Set up employee share schemes
Employee share schemes: an overview
Employee share schemes can involve giving free shares to employees, granting them options to buy shares at a specified price after a specified period of time, or allowing employees to buy shares, and sometimes matching these with free ones.
Tailor your share scheme
To tailor a share scheme to the needs and goals of your business, you can:
- Rewards for meeting targets - make the award of shares or grant of options dependent on reaching certain milestones, eg meeting specific sales targets.
- Stock market flotation - structure the share scheme so that employees become entitled to shares only if you sell or float the company on the stock market.
- Limit the share scheme to certain key employees, eg those with scarce managerial or technical skills.
- Length of service - require a certain number of years' service to qualify for shares - but make sure you don't discriminate, eg it could amount to unlawful indirect sex discrimination if employees need five years' service to participate in your scheme but women in your business tend to have less service than men.
- Consider different share schemes - run a combination of share schemes or provide more favourable terms for directors, eg an enterprise management incentive scheme for directors and a share incentive plan for other staff. Consider the rules for tax-advantaged schemes before doing so.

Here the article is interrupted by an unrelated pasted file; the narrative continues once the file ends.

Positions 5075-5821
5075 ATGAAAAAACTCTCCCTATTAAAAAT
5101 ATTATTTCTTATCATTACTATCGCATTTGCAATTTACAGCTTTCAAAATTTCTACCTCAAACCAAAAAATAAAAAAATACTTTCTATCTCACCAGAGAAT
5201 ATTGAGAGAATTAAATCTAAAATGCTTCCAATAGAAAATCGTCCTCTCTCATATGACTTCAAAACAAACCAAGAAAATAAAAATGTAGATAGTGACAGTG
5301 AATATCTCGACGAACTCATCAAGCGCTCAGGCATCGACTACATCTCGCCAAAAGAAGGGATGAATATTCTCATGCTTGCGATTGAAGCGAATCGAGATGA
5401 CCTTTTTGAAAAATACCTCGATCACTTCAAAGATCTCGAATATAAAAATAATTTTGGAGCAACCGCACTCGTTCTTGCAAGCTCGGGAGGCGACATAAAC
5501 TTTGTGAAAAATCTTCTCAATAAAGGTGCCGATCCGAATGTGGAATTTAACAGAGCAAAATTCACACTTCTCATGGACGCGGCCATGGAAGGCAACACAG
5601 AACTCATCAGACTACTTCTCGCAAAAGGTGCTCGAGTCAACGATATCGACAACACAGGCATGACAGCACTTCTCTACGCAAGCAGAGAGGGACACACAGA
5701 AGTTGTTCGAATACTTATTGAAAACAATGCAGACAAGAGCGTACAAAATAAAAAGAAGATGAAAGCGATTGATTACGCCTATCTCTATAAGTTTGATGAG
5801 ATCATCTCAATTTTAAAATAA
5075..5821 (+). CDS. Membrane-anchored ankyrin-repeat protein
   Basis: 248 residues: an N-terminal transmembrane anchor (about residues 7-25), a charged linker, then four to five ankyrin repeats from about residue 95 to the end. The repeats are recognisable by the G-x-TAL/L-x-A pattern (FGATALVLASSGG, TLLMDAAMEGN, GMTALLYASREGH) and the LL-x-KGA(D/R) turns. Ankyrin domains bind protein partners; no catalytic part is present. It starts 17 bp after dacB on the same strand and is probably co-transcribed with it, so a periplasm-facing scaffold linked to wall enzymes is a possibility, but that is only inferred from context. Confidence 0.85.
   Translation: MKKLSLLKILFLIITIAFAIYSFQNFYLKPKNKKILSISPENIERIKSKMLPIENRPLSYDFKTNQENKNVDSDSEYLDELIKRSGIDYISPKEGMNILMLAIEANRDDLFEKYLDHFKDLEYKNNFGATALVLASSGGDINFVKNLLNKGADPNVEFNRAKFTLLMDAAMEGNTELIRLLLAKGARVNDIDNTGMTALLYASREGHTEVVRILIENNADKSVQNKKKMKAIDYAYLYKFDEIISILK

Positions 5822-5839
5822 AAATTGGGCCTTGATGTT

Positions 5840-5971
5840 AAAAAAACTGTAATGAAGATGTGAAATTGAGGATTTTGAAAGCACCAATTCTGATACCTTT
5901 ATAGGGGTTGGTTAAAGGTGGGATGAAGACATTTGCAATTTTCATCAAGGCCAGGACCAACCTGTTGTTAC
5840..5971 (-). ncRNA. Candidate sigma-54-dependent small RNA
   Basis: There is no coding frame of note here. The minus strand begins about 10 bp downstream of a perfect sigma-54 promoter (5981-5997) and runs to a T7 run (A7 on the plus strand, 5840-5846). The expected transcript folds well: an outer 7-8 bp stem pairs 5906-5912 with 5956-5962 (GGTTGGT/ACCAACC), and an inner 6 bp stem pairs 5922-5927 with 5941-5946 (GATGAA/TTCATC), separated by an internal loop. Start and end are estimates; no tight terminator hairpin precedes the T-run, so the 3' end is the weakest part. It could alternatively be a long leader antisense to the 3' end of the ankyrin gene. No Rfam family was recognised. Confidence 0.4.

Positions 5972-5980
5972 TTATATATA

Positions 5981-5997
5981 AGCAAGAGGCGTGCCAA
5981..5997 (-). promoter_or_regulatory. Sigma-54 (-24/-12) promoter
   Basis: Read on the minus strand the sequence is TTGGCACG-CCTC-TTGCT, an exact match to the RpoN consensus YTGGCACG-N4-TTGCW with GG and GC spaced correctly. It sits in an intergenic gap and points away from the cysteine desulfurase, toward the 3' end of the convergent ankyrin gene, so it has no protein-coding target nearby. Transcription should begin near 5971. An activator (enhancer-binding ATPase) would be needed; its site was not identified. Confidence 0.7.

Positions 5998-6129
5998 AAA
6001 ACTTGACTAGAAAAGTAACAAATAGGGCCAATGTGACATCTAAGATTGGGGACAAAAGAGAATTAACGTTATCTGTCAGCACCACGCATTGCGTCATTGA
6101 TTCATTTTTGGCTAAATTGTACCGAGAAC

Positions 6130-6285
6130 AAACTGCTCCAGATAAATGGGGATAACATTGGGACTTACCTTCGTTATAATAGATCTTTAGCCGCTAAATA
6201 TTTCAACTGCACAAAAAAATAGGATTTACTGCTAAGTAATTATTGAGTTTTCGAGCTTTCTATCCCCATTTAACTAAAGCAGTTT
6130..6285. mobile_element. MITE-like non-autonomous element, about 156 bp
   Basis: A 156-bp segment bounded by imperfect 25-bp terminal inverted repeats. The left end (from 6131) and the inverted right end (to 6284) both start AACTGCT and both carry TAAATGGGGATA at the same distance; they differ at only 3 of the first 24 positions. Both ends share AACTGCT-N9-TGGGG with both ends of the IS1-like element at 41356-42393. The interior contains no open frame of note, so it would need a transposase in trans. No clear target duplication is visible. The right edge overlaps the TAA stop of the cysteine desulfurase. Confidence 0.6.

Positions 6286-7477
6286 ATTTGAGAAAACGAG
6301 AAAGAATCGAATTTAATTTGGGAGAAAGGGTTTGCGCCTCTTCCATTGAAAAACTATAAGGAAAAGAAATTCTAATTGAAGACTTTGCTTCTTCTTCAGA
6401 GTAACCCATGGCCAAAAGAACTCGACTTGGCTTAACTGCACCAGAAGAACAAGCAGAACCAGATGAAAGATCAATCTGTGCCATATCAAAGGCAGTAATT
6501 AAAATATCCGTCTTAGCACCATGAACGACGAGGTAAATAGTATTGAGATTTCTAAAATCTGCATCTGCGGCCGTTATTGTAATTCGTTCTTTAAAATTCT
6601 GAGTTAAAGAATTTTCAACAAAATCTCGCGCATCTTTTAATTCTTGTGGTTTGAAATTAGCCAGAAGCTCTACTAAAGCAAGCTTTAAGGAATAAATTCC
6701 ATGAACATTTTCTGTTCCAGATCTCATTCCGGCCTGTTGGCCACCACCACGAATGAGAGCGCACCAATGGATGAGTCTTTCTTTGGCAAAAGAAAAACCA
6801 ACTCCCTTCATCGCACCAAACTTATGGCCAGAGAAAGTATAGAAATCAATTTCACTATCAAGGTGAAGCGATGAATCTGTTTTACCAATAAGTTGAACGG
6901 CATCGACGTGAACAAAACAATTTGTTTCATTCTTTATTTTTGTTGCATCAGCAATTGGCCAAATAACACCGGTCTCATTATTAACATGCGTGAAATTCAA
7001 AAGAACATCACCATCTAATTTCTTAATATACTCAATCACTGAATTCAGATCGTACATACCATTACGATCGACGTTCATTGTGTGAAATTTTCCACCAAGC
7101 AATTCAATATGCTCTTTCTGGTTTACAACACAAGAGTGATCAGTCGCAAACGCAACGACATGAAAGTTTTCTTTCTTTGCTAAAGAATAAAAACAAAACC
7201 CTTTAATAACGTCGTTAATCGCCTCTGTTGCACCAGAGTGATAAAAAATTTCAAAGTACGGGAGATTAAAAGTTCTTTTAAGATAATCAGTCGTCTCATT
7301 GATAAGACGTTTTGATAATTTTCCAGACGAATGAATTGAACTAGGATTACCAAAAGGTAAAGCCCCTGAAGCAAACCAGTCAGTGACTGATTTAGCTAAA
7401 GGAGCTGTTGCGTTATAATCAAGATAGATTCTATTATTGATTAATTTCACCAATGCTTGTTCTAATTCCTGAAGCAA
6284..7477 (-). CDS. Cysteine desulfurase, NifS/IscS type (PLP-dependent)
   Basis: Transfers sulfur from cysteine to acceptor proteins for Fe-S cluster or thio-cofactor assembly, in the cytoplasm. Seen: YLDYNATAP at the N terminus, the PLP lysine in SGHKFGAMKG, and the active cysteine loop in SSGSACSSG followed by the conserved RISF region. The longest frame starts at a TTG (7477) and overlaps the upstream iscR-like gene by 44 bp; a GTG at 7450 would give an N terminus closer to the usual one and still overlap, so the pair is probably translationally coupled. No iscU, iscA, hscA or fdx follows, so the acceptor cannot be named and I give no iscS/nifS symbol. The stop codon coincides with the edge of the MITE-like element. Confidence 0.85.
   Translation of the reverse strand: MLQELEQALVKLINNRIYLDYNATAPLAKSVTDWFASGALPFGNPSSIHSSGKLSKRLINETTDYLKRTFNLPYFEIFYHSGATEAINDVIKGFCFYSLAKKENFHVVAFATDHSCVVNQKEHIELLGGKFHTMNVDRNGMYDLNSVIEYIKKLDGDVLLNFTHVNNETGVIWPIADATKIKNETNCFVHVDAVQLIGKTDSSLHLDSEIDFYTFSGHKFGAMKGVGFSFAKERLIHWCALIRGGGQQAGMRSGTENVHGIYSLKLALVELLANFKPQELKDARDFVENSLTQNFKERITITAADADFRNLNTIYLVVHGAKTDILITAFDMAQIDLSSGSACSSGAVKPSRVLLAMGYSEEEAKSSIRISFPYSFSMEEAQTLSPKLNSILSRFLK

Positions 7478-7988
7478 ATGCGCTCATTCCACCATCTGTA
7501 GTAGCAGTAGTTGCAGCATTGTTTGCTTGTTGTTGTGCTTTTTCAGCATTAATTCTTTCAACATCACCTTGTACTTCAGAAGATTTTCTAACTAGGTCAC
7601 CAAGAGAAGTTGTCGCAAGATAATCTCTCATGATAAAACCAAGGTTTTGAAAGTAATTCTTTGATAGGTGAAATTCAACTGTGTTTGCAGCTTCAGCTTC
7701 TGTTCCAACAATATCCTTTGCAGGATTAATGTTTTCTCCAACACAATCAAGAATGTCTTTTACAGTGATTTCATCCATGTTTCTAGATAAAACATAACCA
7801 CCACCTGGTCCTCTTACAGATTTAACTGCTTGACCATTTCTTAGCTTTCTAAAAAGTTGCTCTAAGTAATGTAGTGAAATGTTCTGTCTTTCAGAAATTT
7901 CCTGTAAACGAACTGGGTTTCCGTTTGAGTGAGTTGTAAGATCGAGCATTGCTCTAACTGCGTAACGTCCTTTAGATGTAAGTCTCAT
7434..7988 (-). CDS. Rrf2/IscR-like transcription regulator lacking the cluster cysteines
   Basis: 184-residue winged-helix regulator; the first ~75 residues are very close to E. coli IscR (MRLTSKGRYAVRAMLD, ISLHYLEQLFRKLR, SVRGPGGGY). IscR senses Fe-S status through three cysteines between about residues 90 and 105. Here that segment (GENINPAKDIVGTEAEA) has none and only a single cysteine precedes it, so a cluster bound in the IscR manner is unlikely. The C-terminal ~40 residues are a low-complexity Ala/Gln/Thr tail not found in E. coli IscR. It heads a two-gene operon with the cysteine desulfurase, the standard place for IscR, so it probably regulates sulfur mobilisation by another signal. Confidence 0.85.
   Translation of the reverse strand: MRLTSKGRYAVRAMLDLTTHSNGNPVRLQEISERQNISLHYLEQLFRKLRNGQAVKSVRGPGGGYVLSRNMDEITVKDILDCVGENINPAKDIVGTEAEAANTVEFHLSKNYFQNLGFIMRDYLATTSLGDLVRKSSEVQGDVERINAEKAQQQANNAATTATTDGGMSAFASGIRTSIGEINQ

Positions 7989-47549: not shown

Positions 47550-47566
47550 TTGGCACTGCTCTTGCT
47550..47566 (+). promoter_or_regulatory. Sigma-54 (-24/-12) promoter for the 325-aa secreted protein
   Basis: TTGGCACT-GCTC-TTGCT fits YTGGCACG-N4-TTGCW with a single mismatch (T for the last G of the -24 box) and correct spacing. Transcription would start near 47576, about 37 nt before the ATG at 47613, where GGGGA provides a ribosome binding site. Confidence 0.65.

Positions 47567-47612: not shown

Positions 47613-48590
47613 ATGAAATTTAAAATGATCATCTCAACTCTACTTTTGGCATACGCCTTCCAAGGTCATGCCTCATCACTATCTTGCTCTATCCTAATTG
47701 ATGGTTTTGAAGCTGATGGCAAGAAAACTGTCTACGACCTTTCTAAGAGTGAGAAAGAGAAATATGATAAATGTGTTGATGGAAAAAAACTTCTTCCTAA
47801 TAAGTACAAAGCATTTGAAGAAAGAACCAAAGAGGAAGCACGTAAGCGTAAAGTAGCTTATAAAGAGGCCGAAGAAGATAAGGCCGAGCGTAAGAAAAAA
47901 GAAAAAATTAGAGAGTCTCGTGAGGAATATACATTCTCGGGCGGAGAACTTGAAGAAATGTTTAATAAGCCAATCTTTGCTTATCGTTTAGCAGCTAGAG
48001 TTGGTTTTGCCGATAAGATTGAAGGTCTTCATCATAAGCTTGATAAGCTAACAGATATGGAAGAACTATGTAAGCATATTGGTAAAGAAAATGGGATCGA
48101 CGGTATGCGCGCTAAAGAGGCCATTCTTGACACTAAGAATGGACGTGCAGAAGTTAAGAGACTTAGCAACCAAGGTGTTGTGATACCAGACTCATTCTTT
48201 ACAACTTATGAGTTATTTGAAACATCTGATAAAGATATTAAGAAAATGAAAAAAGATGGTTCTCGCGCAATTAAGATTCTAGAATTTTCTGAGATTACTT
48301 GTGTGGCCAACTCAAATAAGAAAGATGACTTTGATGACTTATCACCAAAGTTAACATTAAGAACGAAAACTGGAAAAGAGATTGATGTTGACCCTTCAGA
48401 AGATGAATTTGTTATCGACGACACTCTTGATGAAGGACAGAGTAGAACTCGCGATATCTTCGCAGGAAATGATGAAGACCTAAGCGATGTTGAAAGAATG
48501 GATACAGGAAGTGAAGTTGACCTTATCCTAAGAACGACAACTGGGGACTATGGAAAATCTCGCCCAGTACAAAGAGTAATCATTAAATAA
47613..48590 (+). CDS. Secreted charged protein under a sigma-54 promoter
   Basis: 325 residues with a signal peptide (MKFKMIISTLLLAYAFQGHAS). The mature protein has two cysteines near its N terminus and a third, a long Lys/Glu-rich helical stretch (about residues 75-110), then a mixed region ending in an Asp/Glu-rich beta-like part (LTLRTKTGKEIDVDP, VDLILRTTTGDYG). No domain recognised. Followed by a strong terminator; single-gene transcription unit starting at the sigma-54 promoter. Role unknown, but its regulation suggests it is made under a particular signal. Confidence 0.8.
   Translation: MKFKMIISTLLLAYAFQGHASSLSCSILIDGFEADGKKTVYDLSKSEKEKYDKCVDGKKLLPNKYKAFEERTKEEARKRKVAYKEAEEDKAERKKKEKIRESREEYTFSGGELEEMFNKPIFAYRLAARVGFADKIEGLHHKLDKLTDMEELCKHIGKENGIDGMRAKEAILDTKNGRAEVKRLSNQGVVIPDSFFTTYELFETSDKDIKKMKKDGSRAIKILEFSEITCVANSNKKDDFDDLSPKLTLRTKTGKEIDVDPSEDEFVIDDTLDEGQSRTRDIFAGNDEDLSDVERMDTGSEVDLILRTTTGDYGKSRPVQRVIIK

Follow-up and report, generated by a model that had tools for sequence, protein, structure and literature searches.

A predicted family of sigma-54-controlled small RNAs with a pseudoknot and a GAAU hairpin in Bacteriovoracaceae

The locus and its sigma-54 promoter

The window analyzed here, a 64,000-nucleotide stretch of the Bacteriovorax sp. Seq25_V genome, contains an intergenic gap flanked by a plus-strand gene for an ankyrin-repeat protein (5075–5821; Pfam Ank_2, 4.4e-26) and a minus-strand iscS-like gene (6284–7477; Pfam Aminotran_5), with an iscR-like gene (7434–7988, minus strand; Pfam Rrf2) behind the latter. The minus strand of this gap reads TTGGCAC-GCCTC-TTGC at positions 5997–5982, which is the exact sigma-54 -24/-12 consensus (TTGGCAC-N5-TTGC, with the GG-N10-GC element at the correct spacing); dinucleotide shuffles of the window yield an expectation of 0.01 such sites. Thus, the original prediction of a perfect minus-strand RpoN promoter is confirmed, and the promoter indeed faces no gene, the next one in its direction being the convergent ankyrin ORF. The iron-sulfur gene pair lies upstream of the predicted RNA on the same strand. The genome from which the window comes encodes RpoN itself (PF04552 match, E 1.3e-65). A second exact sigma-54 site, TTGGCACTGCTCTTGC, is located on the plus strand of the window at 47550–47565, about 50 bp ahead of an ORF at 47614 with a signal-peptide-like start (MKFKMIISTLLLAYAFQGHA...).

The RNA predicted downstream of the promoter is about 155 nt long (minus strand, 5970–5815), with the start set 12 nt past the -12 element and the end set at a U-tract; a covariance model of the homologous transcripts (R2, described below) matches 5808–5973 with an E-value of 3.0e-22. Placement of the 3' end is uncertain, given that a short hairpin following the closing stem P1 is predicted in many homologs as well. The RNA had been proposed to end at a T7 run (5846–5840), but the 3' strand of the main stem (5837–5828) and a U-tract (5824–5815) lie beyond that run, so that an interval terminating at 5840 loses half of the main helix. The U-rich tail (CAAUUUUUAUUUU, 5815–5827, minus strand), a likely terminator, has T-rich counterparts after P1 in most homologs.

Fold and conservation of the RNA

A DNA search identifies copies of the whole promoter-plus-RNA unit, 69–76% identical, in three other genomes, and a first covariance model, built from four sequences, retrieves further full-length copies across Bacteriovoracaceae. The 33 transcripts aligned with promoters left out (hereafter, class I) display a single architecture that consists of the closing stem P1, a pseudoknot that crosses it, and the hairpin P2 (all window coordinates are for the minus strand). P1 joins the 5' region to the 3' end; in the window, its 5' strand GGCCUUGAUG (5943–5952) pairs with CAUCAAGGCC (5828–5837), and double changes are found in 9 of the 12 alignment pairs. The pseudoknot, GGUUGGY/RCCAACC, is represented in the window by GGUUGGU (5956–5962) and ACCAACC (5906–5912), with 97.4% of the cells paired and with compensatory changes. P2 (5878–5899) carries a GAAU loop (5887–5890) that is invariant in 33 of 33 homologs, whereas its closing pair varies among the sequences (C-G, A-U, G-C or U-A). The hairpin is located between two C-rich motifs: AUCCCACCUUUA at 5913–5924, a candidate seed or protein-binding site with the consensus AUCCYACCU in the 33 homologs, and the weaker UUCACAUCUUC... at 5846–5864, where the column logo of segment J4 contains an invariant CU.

Other types of share schemes
Share schemes approved by HM Revenue & Customs (HMRC) can have tax and National Insurance contribution advantages. See HMRC approved share schemes. Taxed (unapproved) share schemes do not have tax advantages but they don't have to meet the qualifying conditions for approved schemes, meaning you have more flexibility of design. See taxed employee share schemes.
While shares in publicly traded companies can be bought and sold easily, this isn't always the case in a private company, particularly if you have no plans to float or sell the business. If you want employees to realise the value of their shares, consider establishing and funding an employee benefit trust.
The employee benefit trust can acquire shares for sale that aren't bought by anyone else and these can then be recycled - together perhaps with newly issued shares - to meet future demand from employees.
Give some thought to how employees can see the value of their shareholding if your company is not publicly quoted. Shares in a private company can be valued in conjunction with the Shares and Assets Valuation area of HMRC.
Read HMRC guidance on shares and assets valuations for tax purposes.